It’s also important to note that there is no generic for Vyvanse, while there is for Adderall. As a result, Vyvanse can be more expensive. 

Have questions about addiction?
Call us at 855-430-9426 to speak with a recovery specialist.


What Are Ways to Avoid Addiction? 

Any stimulant has the potential to be abused, but a few precautions can lower your chances of becoming addicted.

If it’s suitable for your condition, ask your doctor about long-acting options, which release their active chemicals more slowly. This reduces the chances of a “high” from taking the medication, which may make abusing the drug less appealing. 

Most importantly, only take your ADHD medication as prescribed. This ensures you receive the proper dosage at the right intervals, which will help you prevent addiction. Never take Vyvanse or Adderall without a prescription, and never mix either drug with other substances. According to a 2013 government report, about 20 percent of emergency room visits involving ADHD medication also involved recreational drugs or alcohol.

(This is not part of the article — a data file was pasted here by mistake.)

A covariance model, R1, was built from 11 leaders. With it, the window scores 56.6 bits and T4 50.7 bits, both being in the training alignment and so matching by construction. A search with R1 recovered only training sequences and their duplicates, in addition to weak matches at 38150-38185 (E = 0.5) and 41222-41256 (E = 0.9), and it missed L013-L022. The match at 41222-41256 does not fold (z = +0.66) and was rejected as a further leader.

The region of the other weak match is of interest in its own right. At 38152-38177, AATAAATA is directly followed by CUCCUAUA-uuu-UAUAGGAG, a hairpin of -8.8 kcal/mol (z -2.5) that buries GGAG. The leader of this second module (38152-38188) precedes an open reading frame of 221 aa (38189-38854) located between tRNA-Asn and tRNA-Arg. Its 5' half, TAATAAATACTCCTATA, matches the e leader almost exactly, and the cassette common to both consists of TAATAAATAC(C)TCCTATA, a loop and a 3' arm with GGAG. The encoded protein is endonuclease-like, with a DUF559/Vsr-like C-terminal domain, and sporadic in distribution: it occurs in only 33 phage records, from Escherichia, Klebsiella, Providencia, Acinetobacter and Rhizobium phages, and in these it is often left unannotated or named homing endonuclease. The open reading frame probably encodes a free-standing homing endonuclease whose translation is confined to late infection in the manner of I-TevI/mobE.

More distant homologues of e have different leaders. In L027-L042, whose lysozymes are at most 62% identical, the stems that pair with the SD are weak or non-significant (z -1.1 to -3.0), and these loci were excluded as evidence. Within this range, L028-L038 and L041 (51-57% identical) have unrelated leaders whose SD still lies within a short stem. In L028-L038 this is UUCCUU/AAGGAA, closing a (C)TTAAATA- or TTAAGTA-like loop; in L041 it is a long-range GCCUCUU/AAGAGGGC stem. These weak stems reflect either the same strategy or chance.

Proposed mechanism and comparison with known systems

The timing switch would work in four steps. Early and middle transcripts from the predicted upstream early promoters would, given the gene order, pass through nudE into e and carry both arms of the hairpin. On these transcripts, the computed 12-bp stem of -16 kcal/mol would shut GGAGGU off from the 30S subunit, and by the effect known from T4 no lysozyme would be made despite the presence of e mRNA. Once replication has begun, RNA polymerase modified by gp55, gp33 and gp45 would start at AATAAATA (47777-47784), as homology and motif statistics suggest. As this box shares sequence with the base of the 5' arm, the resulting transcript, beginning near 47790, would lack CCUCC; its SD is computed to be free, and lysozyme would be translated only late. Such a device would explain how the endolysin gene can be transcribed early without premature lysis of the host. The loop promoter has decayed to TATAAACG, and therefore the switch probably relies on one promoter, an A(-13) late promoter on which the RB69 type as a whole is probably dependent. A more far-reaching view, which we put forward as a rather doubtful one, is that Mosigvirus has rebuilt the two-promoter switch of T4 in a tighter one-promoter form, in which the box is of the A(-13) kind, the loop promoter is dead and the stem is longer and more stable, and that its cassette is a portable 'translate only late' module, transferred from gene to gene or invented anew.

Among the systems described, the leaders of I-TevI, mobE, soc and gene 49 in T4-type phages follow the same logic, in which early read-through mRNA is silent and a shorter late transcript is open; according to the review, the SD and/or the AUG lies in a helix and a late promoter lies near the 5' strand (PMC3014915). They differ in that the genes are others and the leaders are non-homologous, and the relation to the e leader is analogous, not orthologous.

Treating Vyvanse and Adderall Addiction

If you or a loved one has struggled with addiction to Vyvanse, Adderall or other prescription drugs, you’re not alone. According to government statistics, 18 million people, or 6% of the US population, has struggled with prescription drug addiction. Thankfully, you don’t need to struggle alone. Professional treatment has helped many people overcome substance abuse disorders, while also addressing underlying issues such as depression or other mental illness. 

Whether you need medical assistance to overcome withdrawal symptoms or a program that allows you to balance treatment with your everyday life, a number of flexible options exist. Call us at the number below to discover the best one for you. 

Written By: Sprout Editorial Team

The Sprout Health Group editorial team is passionate about addiction treatment, recovery and mental health issues. Every article is expert-reviewed.